Whether it’s Lions Lookout, the Algonquin Theatre, or the Canada Summit Centre, there is no shortage of incredible attractions and landmarks in Huntsville.
The Town of Huntsville is now asking for the public’s help to identify the area’s most important landmarks and to help find the most attractive and efficient way for locals and guests to find them.
The Town is currently in the midst of hosting a public survey on myhuntsville.ca to help find the best solutions for a local wayfinding strategy. The information gleaned from the survey will be used by consultants hired by the Town to help develop a brand new and innovative Community Wayfinding strategy for the area.
“We have so many assets here in Huntsville and we’re proud of what we have to offer. Signage is one of the tools that will allow us to direct people to those places and show them the face of our town,” says Deputy Mayor Nancy Alcock, who has been advocating for new signage throughout her two terms on council. “You’re talking about everything that makes our community tick and we need a consistent thread to tie all of these things together.”
Active transportation has been a top priority at the municipality for some time but Alcock says she felt the signage directing people to Huntsville’s many trails and walkways was lacking.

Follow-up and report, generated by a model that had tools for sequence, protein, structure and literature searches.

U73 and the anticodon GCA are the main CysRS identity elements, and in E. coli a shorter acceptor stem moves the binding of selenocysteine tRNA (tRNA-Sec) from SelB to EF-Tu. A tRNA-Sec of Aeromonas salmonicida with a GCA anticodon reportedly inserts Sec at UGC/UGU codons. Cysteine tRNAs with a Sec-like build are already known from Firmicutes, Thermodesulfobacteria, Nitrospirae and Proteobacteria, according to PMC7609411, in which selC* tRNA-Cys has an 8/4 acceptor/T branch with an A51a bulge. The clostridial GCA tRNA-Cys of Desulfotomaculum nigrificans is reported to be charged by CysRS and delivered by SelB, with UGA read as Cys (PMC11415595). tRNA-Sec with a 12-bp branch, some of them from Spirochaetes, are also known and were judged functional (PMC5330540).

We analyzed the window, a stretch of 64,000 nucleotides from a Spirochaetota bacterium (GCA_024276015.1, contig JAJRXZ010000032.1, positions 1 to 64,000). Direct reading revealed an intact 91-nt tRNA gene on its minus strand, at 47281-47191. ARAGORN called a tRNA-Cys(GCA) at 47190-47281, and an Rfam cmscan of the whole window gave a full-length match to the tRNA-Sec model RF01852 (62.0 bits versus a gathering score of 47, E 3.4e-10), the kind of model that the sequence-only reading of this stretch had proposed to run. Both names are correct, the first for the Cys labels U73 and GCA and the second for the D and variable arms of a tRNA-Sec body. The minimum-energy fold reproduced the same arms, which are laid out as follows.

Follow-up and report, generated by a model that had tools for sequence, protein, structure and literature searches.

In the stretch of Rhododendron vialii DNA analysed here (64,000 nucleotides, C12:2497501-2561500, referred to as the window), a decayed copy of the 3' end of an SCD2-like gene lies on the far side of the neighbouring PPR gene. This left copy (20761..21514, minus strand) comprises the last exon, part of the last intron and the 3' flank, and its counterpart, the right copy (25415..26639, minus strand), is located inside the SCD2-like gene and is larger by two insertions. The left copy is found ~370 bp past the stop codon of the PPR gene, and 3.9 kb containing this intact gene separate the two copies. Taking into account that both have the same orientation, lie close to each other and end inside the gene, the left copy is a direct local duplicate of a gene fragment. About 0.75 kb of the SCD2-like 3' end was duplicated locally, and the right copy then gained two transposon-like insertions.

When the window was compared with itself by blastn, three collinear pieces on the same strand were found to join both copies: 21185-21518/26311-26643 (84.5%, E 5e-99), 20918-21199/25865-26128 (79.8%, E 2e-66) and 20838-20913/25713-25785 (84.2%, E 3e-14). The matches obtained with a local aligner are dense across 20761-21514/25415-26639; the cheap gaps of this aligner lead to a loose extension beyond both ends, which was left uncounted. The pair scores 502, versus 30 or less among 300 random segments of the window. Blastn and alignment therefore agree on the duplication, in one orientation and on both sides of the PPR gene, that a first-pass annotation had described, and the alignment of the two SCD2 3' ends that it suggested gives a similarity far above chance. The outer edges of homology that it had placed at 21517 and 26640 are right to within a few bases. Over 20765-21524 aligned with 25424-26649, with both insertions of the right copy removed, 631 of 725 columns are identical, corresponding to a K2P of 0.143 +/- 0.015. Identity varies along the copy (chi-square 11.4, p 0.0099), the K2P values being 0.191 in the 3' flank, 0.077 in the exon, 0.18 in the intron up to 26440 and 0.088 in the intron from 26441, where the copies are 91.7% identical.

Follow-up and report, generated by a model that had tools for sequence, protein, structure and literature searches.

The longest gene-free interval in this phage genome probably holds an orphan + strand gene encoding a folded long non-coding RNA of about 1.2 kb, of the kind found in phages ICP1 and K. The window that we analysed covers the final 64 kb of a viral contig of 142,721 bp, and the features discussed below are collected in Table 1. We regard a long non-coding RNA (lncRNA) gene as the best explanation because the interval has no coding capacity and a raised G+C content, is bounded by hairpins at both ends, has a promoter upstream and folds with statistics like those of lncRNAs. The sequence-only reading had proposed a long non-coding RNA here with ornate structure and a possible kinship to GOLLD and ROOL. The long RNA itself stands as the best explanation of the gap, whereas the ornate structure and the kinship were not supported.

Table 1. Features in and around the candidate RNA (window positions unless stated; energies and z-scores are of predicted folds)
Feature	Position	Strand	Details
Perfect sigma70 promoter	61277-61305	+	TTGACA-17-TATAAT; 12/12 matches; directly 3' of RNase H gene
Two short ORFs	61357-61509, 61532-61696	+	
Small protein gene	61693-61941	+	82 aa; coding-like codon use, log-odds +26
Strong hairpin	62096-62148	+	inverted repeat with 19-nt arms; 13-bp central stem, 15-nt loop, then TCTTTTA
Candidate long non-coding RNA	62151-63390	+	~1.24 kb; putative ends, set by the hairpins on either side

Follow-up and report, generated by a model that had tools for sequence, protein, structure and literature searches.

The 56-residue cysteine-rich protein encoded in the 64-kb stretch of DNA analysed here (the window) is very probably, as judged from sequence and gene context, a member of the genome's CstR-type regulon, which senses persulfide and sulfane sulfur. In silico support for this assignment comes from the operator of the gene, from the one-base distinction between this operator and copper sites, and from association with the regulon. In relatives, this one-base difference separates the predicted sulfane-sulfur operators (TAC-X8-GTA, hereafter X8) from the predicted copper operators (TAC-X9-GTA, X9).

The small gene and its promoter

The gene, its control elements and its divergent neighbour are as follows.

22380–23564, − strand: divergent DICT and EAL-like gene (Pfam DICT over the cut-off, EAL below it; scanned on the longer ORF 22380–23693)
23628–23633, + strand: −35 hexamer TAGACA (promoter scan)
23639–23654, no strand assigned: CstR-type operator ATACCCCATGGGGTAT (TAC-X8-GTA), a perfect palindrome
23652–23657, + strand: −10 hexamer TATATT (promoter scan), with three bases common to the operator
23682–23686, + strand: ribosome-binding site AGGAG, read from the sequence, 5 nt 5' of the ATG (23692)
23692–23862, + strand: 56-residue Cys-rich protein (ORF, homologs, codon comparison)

“It proved to be a bit more challenging than I had originally thought but now we’re in the midst of a multi-million dollar streetscape design and this is the time to make sure that everything is in place and coordinated,” she says.
Scott Ovell is Huntsville’s economic development officer and is spearheading the project for the Town.
“We want to hear from the public on what they believe is important for signage. We want to hear about the attractions, the facilities and landmarks that make Huntsville great, so that we can develop a comprehensive list of community assets ” he says. “And, it’s not only for people who live here but also for those who have visited in the past. What was your experience, did you have a hard time navigating to your destination? We want these answers so that we can improve our experience.”
Through the survey a list of assets will be identified, which will then be compiled by the consultants and delivered back to council for their perusal. The signage will be geared not only to motorists but to pedestrians, cyclists, and those using other forms of active transportation as well.
The consultants will also be tasked with creating design concepts for the new signage which will then be brought back for public input.
“We need to consider everything,” says Deputy Mayor Alcock. “That includes everything from basic directional signage like, ‘where is the nearest public washroom?’ down to helping people find our incredible cultural and artistic assets.”
The survey will be open to the public until May 28, and everyone is encouraged to visit myhuntsville.ca to play an important role in the way Huntsville is navigated and promoted locally to both residents and visitors. You can find the survey at myhuntsville.ca/community-wayfinding-strategy.
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